It was Ronald Reagan's fault I got into nursing. In more ways than one. He closed all the mental hospitals without providing an alternative and suddenly there was a desperate need for community mental health care. I was newly divorced and needed to support my five children and they grabbed me right up and sent me to nursing school. I wanted to be a marine biologist, or even an art therapist, but nursing was it. It was faster, though that time in school seemed forever, with 11 and 12 hour days when we had classroom work as well as full shift clinicals. Sometimes I was gone from 6:30 AM until 11 at night, and then there was studying to do. How we survived is another story altogether. (300 people applied for the class. 31 were selected. Eleven of us graduated and we all passed state boards.)
My first job was at the Hunter's Point Methadone Clinic near Candlestick Park. My only preparation for this job was basic psych nursing training and life experience. As an artist married to a jazz musician, I had lived in the general milieu. As one of my patients put it when she explained why she felt safe confiding in me, "You were in the life." Though I was never a drug user, I had lived among people who were. After I had worked there for a few months, another methadone clinic job opened up at San Francisco General's Ward 92 and I transferred over.
We got a lot of material from the government and when things were slow, I read it. We had a mountain of pamphlets printed on newsprint covering the entire history of the drug wars and the cultural changes that had fed into them. I was amazed at what the government taught me.
Opiates were dirt cheap and over-the-counter legal until the early 20th century, and in fact doctors often transferred alcoholic patients to opium because they could hold down a job on opiates where this was impossible when they were drunk. There were few if any drug crimes. The Harrison Narcotics act of 1914 put a tax on them and from there on it went downhill. Like prohibition, outlawing drugs created drug outlaws. More than half the people in our prisons today are there either on drug related issues or for crimes committed to get money for drugs. Of course with the added glamor of being illegal, drug use went up. Humans have no sense a lot of the time.
During the Hippie era, the drugs of choice were hallucinogenic -- pot and acid, and occasionally organic substances like amanita mushrooms, peyote and morning glory seeds. These caused an introspective mystical or spiritual high and did not produce any collateral crime the way opiates do. They were not addicting, and though really unsafe for people with mental health issues, they did relatively little damage. No AIDS. No hepatitis C. No endocarditis epidemics. No deaths from overdoses. Peace, love and joy pretty much prevailed. Healthy organic living, what we call Green Living today. The Haight Ashbury was a great place to live and raise kids in those days. People smiled a lot. There was a terrific sense of community. I miss the Haight the way it was in those Summer of Love days. I will never forget the feel of warm sunshine in the meadows of Golden Gate park with my family around me and Gracie Slick belting out White Rabbit. Magical times.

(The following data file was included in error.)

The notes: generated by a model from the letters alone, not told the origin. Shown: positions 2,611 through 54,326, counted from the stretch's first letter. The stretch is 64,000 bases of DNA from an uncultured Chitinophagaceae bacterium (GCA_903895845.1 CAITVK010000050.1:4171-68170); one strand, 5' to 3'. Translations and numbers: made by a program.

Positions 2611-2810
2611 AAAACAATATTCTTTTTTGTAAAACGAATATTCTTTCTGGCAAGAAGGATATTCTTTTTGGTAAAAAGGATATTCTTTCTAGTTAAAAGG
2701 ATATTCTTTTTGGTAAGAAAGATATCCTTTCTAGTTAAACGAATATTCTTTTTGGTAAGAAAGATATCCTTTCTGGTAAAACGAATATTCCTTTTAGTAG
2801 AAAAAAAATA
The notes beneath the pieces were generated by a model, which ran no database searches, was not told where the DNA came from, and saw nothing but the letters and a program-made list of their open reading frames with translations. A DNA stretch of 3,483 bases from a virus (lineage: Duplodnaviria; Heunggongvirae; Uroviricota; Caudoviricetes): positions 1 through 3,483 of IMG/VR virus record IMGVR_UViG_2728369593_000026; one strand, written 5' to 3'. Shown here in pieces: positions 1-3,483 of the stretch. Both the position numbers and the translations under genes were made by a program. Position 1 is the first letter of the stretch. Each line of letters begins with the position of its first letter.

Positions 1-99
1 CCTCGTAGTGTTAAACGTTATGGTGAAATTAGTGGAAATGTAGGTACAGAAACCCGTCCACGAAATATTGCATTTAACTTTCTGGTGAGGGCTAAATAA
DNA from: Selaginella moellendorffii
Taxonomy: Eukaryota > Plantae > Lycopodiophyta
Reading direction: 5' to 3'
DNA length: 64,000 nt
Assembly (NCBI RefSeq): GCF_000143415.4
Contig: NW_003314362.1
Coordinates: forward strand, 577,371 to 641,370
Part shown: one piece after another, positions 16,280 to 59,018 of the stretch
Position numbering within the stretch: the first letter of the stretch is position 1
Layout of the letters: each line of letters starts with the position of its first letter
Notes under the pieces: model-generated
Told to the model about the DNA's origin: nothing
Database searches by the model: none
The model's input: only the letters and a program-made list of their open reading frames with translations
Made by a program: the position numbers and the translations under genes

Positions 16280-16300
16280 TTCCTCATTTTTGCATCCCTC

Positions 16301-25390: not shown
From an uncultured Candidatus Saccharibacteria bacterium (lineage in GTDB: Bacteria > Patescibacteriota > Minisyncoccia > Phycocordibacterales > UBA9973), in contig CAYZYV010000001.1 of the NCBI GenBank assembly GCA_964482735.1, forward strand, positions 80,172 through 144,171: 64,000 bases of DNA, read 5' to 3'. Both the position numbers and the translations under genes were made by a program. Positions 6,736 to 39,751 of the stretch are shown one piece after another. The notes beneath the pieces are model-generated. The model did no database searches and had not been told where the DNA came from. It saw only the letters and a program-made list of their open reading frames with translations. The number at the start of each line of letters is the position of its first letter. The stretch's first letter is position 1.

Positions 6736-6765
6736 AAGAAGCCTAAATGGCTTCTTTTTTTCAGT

Ronald Reagan was governor of California then and his drug people decided to get rid of the marijuana, and maybe those pesky Hippies would go, too. We can argue about motivation, and there are some very good conspiracy theories out there which, according to the government literature I read, are pretty much true... They managed to close the Mexican border as tight as a drum. (Take that, Lou Dobbs!) Imports dried up. There was a serious pot drought. Now remember, the government line was that marijuana was a "gateway drug" (by those standards, so is milk) and was addicting and all manner of other things the people using it knew not to be true, so when they heard heroin was a bad drug, they did not believe a word of it. The marijuana stories were so outrageously false, they believed the heroin stories must be, too, so when the pot vacuum was quickly filled by enterprising heroin dealers, many didn't hesitate. (where did the heroin dealers come from?!! They were not neighborhood guys.) Gone were the gentle hippies whispering "grassacid?" The results were death and destruction and general horror and painful, often lifelong addiction. We watched friends lives destroyed and young people murdered in that once-peaceful neighborhood, including a friend's 17-year-old brother who had just arrived, rosy-cheeked and innocent, from Appleton Wisconsin. That put a permanent end to the flower children.
My boss at the time was the neighborhood merchants' president and the police/community liaison. When Mendel wanted to get rid of the heroin dealers in front of his store, he watched very carefully until he found the supplier. He knew the street dealer was not the problem. He followed the supplier to his home, got his license number and address and turned them over to his good friends at the police station. His first jolt of real political reality was when he realized they had no intention of doing anything about it. At all.
Heroin eats away and replaces the myelin sheath on your nerve endings, so when you stop taking it, you are in hideous pain. Violent vomiting and diarrhea ensue. Patients can't even stand water on their skin -- the pain is unbearable. The worst of this lasts about 72 hours, the length of time it takes to get the drug out of your system. Few people have the courage to go through that without help. Methadone replaces the heroin and takes away the pain without the high. It enables addicts to get out of the criminal part of it and they no longer need to steal to come up with drug money. But it is even more addicting. There is no such thing as a free lunch.
photo credit: unknown artist -- classic photo